the wishes of these states should have been ignored, that the ‚Ä˜greater good‚Ä™
of stopping German aggression took precedence over the sensibilities of
lesser nations. This was a line of argument entirely at variance with the
concepts of morality that underpinned British strategic foreign policy in
the period between the wars.260 While the British were just able to bring
themselves, reluctantly, to jettison their concept of collective security, they
were not able to take on board the Soviet concept, which was a triple
alliance with the casus foederis to be determined by Moscow. The unilat-
eral British guarantees to Poland and Romania kept the decision for war
and peace firmly in British hands; the proposed alliance would not.
Further, the British were convinced that the Soviet concept of indirect
aggression either would result in the Red Army‚Ä™s moving into Poland and
the Baltic states, supposedly to prevent the latter from falling under
German control, or would provoke those states into adopting a pro-
German stance. It is difficult to see how the aims of British strategic
foreign policy would have been any closer to realization with Warsaw
occupied by the Soviets than with Warsaw occupied by the Germans.
This brings us to the issue of ‚Ä˜why?‚Ä™ Why ‚Ä˜should‚Ä™ the British have
conceded the Soviet demands and signed a treaty? Such an assertion
carries with it several assumptions. The first is that to have done so
would have stopped Hitler from invading Poland (or at least prevented
him from doing so successfully) and thus beginning the Second World
War. There is no definitive proof for the first part of this belief. As to the
ability of the Red Army to check Hitler, it is evident that the British had
Perhaps the most famous contemporary criticism was ‚Ä˜Cato‚Ä™, Guilty Men (London,
1940); most recent criticism is Michael Jabara Carley, 1939. The Alliance That Never
Was and the coming of World War II (Chicago, 1999), and Louise Grace Shaw, The
British Political Elite and the Soviet Union 1937‚Ä“1939 (London and Portland, OR, 2003).
Louise Grace Shaw, ‚Ä˜Attitudes of the British Political Elite Towards the Soviet Union‚Ä™,
D&S, 13, 1 (2002), 56.
See the suggestive Joseph Charles Heim, ‚Ä˜Liberalism and the Establishment of Collect-
ive Security in British Foreign Policy‚Ä™, Transactions of the Royal Historical Society, 6th
series, 5 (1995), 91‚Ä“110.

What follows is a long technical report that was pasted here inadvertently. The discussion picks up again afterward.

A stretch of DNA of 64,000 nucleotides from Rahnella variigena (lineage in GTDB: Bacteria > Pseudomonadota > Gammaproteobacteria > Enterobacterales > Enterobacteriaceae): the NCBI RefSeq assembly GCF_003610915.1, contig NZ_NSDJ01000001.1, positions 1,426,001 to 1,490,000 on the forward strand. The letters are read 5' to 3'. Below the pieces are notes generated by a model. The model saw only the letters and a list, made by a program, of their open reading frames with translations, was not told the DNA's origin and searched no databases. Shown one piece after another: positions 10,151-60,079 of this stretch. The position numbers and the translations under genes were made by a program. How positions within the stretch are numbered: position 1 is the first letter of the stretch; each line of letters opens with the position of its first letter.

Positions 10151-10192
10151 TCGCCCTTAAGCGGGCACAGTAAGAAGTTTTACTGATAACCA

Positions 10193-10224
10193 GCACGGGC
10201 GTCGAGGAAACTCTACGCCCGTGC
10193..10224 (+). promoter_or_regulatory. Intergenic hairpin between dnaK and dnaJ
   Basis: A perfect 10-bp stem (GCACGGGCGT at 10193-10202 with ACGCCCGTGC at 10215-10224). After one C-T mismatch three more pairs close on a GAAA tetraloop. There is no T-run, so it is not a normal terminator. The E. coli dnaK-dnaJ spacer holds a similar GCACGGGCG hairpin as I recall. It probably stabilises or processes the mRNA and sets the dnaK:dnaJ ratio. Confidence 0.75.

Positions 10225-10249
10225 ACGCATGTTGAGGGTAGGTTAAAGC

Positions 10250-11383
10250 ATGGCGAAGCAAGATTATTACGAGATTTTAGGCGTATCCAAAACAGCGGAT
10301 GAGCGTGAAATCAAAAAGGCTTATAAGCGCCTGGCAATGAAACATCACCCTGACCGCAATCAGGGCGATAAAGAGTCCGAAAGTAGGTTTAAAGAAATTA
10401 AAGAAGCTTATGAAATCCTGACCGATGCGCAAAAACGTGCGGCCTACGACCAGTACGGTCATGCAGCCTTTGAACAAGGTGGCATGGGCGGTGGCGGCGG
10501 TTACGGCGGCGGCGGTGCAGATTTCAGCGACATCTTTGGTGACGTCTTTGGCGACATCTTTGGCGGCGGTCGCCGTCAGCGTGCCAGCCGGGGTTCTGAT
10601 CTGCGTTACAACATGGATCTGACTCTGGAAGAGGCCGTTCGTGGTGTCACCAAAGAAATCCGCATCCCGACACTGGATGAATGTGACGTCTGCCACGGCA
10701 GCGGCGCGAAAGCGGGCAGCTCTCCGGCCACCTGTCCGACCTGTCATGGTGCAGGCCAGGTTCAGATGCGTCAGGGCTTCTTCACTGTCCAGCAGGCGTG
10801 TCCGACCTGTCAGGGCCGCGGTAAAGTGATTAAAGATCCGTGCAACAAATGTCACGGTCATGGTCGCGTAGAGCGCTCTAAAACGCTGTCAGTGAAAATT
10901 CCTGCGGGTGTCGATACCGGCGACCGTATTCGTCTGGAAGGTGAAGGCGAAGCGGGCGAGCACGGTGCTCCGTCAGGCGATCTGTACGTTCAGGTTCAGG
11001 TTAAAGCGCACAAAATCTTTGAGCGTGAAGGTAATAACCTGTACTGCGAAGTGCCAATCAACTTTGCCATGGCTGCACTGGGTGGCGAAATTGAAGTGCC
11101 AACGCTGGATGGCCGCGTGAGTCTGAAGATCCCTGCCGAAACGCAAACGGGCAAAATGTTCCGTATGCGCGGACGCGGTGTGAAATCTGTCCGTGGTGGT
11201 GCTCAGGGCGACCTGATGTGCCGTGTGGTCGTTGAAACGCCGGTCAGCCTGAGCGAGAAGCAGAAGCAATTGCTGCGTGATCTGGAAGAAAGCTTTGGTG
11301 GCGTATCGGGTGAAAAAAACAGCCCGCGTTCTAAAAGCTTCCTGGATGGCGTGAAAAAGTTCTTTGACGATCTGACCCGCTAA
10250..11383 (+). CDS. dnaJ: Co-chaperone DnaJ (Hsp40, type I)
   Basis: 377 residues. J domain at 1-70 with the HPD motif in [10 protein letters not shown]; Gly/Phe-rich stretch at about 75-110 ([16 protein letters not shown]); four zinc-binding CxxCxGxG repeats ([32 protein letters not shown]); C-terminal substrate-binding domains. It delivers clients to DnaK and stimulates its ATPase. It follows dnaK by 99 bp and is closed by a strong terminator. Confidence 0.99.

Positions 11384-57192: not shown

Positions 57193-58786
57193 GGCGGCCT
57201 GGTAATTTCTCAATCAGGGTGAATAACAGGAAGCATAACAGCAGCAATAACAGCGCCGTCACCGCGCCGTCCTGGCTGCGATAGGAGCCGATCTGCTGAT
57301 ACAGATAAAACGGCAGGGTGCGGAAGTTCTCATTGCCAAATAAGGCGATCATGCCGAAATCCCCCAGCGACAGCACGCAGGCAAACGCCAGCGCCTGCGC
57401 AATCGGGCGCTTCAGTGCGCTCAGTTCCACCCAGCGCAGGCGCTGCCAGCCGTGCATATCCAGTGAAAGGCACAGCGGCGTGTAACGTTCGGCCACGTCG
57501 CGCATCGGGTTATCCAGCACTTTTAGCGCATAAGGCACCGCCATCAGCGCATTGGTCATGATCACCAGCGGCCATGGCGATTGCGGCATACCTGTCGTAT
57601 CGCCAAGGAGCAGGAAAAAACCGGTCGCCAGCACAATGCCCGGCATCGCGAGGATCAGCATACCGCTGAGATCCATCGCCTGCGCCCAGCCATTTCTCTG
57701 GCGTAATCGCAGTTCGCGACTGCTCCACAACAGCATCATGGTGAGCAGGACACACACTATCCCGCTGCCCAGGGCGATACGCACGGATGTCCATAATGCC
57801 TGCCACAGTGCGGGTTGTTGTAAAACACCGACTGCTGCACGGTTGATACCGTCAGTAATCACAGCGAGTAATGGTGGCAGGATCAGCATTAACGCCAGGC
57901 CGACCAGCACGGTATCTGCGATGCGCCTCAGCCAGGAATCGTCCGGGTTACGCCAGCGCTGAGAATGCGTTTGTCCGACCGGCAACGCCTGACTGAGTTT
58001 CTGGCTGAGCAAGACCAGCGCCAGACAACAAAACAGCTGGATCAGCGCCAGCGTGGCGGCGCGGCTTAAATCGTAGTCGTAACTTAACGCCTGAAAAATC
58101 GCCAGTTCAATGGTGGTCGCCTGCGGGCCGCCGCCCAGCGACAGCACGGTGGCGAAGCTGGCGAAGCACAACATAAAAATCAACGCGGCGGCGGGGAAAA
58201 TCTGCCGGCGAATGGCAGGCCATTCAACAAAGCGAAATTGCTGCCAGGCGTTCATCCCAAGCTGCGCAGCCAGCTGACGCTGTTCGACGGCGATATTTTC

316 Britain, Soviet Russia and the Versailles Order
no confidence in its capacity to provide much useful help to the Poles or
Romanians, much less to defeat Germany. For the British, what a
military agreement would do was to ensure Poland and Romania had a
secure source of military supplies. A second assumption is that the Soviet
offer was genuinely meant and that the Soviets would have carried out
their obligations should an alliance have been concluded (assumptions
that also underpin similar arguments about the Munich crisis). Here, we
are in the dark. But the British certainly were just as suspicious of Soviet
good faith as the Soviets were of London‚Ä™s. And, with respect to this
latter matter, claims for Soviet perspicacity are condemned by the fact
that they strained at the British gnat (by being unwilling to drop their
insistence on a particular definition of indirect aggression) but swal-
lowed the German camel (by signing the Nazi‚Ä“Soviet Pact). By pursuing
old-fashioned Realpolitik, within the bounds of ideological perception
and based on the Leninist concept of ‚Ä˜kto‚Ä“kogo‚Ä™ (literally, ‚Ä˜who‚Ä“whom‚Ä™,
but with the implied meaning of ‚Ä˜who does what to whom‚Ä™) that Molotov
exemplified, the Soviets ensured that their negotiations with Britain
would be difficult and, likely, unsuccessful. If blame is to be had, it
needs to be shared equally.
But all of this fails to understand the basis of Neville Chamberlain‚Ä™s
version of strategic foreign policy and the role that Soviet Russia played
in it. Chamberlain never intended to go to war unless absolutely forced
to do so. Instead, he wanted to deter war: his preference in military
spending to construct a deterrent bomber force and his preference in the
alliance talks to keep Soviet Russia out of the German orbit without
ceding to Moscow the ability to commit Britain to war underline this
approach. Such thinking was revealed on 23 July, when Chamberlain felt
that his policies were bearing fruit. ‚Ä˜One thing‚Ä™, he wrote to his sister, ‚Ä˜is I
think clear, namely that Hitler has concluded that we mean business and
the time is not ripe for the major war.‚Ä™ He then expanded on his views:
Unlike some of my critics I go further and say the longer the war is put off the less
likely it is to come at all as we go perfecting our defences and building up the
defences of our Allies. That is what Winston & co[mpany] never seem to realise.
You don‚Ä™t need offensive forces sufficient to win a smashing victory. What you
want are defensive forces sufficiently strong to make it impossible for the other
side to win except at such a cost as to make it not worth while.261
This was the businessman‚Ä™s calculus that Chamberlain followed, but it
was a form of ratiocination that did not appeal to either Hitler or the
Japanese, whose calculations were based more on crude Social Darwinism